Ex-leader backs down over Cata­lan sep­a­ratism

The Timaru Herald - - WORLD -

SPAIN: The de­posed Cat­alo­nian pres­i­dent has said ‘‘a so­lu­tion other than in­de­pen­dence is pos­si­ble’’, in an ap­par­ent climb­down from his hard line on sep­a­ratism for the re­gion.

Car­les Puigde­mont, who was ousted af­ter lead­ing an il­le­gal in­de­pen­dence ref­er­en­dum last month, has told Bel­gian news­pa­per Le Soir he is ‘‘pre­pared to ac­cept the re­al­ity of an­other kind of re­la­tion­ship with Spain’’, hint­ing at a pos­si­ble fed­eral state struc­ture.

He said he would never give up on the pos­si­bil­ity of a ‘‘deal’’ with Spain on a new sta­tus or the pos­si­bil­ity of hold­ing a le­gal ref­er­en­dum on in­de­pen­dence for Cat­alo­nia.

Puigde­mont fled to Brus­sels to avoid the pos­si­bil­ity of be­ing jailed, af­ter all mem­bers of the re­gional ad­min­is­tra­tion were ac­cused of re­bel­lion, sedi­tion and mis­use of pub­lic funds.

His com­ments come days af­ter Carme For­cadell, the speaker of the Cata­lan par­lia­ment, told a judge in­ves­ti­gat­ing her and five other col­leagues for re­bel­lion that the dec­la­ra­tion of in­de­pen­dence had been merely ‘‘sym­bolic’’.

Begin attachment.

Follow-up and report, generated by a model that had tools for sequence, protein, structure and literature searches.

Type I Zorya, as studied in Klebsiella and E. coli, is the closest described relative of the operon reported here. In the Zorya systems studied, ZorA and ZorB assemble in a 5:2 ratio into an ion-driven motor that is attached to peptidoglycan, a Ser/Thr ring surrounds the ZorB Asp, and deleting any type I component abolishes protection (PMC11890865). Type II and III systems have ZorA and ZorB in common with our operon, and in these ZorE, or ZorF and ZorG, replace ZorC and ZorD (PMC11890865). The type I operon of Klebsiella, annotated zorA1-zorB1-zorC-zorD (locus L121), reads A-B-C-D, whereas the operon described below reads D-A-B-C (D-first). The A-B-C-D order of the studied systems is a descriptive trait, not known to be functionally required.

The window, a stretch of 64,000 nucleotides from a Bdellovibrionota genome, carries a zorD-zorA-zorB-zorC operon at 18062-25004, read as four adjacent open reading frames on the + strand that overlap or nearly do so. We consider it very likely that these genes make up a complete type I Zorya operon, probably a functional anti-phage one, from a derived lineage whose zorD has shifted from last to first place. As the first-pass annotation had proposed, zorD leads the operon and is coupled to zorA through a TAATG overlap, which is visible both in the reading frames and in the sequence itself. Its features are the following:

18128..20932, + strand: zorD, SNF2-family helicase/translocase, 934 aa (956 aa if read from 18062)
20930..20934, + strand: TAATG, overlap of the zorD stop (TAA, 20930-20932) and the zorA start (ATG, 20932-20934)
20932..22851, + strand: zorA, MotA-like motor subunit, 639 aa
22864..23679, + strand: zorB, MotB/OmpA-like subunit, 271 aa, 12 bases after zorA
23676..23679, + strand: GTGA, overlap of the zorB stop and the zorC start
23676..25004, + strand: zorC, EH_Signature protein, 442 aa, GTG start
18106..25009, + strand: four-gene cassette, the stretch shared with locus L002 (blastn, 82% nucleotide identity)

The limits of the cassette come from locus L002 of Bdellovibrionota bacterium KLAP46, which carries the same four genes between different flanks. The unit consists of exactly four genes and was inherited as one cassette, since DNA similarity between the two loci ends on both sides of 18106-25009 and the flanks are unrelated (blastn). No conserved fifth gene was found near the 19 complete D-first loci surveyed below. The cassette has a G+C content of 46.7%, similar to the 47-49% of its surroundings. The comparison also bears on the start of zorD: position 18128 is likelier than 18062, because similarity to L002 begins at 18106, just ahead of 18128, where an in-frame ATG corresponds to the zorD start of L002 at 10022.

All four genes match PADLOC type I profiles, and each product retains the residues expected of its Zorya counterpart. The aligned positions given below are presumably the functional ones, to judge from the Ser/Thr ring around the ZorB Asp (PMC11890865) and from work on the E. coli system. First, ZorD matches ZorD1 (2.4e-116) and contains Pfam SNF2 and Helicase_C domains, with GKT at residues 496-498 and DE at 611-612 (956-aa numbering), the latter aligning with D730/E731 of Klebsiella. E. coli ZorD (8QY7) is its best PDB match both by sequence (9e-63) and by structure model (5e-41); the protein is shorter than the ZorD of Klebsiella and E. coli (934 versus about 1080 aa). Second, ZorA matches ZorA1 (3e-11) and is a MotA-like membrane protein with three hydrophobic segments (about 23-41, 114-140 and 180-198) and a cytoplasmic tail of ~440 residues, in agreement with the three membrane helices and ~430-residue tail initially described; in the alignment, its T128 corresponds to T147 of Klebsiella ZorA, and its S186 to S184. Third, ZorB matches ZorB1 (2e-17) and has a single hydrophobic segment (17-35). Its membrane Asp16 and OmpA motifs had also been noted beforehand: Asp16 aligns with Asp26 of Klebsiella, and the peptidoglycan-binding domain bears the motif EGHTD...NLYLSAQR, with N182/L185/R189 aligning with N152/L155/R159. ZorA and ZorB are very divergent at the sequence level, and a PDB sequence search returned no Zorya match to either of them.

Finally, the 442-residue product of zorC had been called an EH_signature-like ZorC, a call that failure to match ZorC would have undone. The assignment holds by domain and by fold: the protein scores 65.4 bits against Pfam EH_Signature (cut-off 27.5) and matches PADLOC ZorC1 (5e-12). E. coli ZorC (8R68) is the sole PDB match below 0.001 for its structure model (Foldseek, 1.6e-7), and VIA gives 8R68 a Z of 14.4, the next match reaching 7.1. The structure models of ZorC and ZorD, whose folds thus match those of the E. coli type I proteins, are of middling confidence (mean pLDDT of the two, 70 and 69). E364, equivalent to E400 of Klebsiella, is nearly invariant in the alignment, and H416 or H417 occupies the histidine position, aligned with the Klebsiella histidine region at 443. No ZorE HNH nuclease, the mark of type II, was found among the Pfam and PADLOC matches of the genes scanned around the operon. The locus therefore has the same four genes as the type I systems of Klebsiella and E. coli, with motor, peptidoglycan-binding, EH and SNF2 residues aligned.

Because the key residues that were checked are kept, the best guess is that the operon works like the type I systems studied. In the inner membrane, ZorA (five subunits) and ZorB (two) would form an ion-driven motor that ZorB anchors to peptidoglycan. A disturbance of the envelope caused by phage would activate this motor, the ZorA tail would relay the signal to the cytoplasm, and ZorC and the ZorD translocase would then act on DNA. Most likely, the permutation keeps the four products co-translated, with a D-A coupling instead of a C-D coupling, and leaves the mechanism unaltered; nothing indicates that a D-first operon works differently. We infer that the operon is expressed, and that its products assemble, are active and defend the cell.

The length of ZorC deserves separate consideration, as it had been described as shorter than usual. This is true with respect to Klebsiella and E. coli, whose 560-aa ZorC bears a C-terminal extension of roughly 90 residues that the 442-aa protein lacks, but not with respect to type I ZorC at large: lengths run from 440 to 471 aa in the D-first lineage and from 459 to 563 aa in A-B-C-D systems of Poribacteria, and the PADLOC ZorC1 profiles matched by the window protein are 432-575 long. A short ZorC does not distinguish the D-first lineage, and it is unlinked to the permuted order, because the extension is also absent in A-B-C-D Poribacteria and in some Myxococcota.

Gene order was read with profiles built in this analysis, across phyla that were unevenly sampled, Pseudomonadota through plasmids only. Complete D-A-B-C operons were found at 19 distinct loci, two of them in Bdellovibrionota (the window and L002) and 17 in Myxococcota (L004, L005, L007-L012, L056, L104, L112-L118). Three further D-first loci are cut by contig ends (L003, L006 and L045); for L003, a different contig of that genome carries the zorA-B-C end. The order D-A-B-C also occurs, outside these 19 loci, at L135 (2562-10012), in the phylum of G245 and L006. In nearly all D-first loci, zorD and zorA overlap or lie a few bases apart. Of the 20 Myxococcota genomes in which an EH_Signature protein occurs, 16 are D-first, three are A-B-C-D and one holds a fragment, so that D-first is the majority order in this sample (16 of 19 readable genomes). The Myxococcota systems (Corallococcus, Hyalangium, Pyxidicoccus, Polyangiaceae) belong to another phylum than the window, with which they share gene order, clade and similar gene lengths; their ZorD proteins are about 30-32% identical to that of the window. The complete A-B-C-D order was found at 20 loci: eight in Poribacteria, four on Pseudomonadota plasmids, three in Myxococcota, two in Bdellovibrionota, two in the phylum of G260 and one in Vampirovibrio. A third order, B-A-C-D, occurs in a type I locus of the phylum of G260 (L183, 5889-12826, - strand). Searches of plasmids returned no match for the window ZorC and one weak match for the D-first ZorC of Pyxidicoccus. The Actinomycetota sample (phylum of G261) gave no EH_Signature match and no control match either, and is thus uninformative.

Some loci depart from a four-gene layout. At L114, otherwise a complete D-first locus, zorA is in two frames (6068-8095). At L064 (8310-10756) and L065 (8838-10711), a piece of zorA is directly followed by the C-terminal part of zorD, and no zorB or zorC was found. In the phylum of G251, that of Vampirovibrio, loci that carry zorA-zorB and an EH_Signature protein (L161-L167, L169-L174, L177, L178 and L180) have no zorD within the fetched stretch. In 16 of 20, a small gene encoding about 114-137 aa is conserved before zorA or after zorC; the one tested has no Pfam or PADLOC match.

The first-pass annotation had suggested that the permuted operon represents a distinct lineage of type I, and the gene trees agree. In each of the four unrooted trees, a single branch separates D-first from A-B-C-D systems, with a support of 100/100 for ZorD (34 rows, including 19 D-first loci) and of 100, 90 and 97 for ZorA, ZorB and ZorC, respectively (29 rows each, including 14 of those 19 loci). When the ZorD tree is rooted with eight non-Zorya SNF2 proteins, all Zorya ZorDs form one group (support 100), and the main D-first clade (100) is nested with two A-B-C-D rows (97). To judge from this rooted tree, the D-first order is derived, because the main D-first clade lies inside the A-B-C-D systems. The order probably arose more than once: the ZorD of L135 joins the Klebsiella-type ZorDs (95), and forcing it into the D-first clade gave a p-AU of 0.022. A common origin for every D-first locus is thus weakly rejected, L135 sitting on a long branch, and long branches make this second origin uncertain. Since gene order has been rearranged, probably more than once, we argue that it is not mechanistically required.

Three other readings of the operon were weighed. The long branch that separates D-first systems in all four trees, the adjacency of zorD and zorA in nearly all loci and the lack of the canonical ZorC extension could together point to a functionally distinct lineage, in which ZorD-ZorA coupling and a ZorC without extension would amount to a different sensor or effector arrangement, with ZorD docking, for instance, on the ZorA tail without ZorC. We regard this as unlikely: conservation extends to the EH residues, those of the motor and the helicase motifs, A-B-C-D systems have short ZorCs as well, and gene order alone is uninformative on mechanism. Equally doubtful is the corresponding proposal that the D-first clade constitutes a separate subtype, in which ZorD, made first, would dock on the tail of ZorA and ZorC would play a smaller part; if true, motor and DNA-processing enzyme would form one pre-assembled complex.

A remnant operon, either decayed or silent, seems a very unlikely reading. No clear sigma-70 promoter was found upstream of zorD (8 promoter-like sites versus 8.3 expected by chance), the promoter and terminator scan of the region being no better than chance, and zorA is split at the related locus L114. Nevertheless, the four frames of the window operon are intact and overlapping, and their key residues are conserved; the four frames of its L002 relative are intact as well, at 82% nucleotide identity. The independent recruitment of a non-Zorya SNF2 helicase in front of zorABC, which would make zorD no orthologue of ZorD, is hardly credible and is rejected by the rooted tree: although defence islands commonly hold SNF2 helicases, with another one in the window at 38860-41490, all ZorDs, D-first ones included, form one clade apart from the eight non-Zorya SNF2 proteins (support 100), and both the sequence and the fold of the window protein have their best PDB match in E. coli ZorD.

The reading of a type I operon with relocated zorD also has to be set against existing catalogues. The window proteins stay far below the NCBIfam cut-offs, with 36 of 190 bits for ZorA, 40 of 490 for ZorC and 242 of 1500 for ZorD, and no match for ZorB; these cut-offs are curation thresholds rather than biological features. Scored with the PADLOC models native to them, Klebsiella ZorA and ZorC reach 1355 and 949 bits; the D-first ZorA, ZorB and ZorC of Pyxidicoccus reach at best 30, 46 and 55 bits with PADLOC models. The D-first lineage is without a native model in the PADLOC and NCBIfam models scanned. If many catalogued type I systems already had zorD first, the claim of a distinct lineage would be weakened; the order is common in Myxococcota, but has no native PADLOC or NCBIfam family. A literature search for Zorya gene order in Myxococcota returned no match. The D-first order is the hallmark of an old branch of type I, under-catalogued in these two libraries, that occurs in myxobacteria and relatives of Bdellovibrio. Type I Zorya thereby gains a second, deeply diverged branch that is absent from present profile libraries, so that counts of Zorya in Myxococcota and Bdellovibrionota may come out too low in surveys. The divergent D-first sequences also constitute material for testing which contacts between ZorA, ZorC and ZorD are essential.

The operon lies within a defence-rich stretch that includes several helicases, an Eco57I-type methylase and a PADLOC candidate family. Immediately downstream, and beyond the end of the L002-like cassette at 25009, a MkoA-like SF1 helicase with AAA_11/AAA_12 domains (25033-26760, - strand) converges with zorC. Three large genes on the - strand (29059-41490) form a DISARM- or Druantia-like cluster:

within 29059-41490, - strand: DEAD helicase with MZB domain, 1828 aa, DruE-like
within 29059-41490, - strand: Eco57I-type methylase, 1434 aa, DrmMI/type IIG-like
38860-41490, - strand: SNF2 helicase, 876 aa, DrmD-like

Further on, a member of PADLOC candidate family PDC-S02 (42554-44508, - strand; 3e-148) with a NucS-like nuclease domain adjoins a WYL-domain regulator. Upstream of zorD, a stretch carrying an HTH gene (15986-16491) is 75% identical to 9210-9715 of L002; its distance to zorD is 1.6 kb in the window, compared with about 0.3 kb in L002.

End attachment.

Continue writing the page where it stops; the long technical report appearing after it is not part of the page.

Clara Pon­sat, one of the four re­gional min­is­ters who fled to Bel­gium along with Puigde­mont, has also said her gov­ern­ment ‘‘was not suf­fi­ciently pre­pared to ap­ply in­de­pen­dence’’.

The na­ture of Puigde­mont’s par­tic­i­pa­tion in the elec­tion re­mains un­clear as he awaits a court hear­ing in Brus­sels on Spain’s re­quest to have him ex­tra­dited.

Speak­ing in Barcelona on Mon­day in his first visit to Cat­alo­nia since he im­posed di­rect rule, Mar­i­ano Ra­joy, Spain’s prime min­is­ter, urged Cata­lans to ‘‘vote mas­sively’’ against sep­a­ratist par­ties in the snap elec­tion on De­cem­ber 21.

Puigde­mont told Le Soir he did ‘‘not wish to be a can­di­date for a po­lit­i­cal party’’, but the idea of a unity list of Cata­lan par­ties has lost strength since two ma­jor proin­de­pen­dence forces, the Cata­lan Repub­li­can Left and the an­t­i­cap­i­tal­ist CUP, an­nounced they would run sep­a­rately.

‘‘I have, be­ing pro-in­de­pen­dence all my life, worked for 30 of to years to have an­other way Cat­alo­nia be­ing an­chored Spain,’’ Puigde­mont said.

How­ever, he gave no hint to Le Soir how such an agree­ment could work.

Spain was plunged into its worst po­lit­i­cal cri­sis since a failed mil­i­tary coup in 1981 when Puigde­mont’s sep­a­ratist gov­ern­ment de­clared in­de­pen­dence. Ra­joy re­sponded by sack­ing the Cata­lan gov­ern­ment, im­pos­ing di­rect rule from Madrid and call­ing re­gional elec­tions.

– Tele­graph Group, The Times


For­mer Cata­lan leader Car­les Puigde­mont ap­pears to be pre­pared to com­pro­mise over in­de­pen­dence for Cat­alo­nia.

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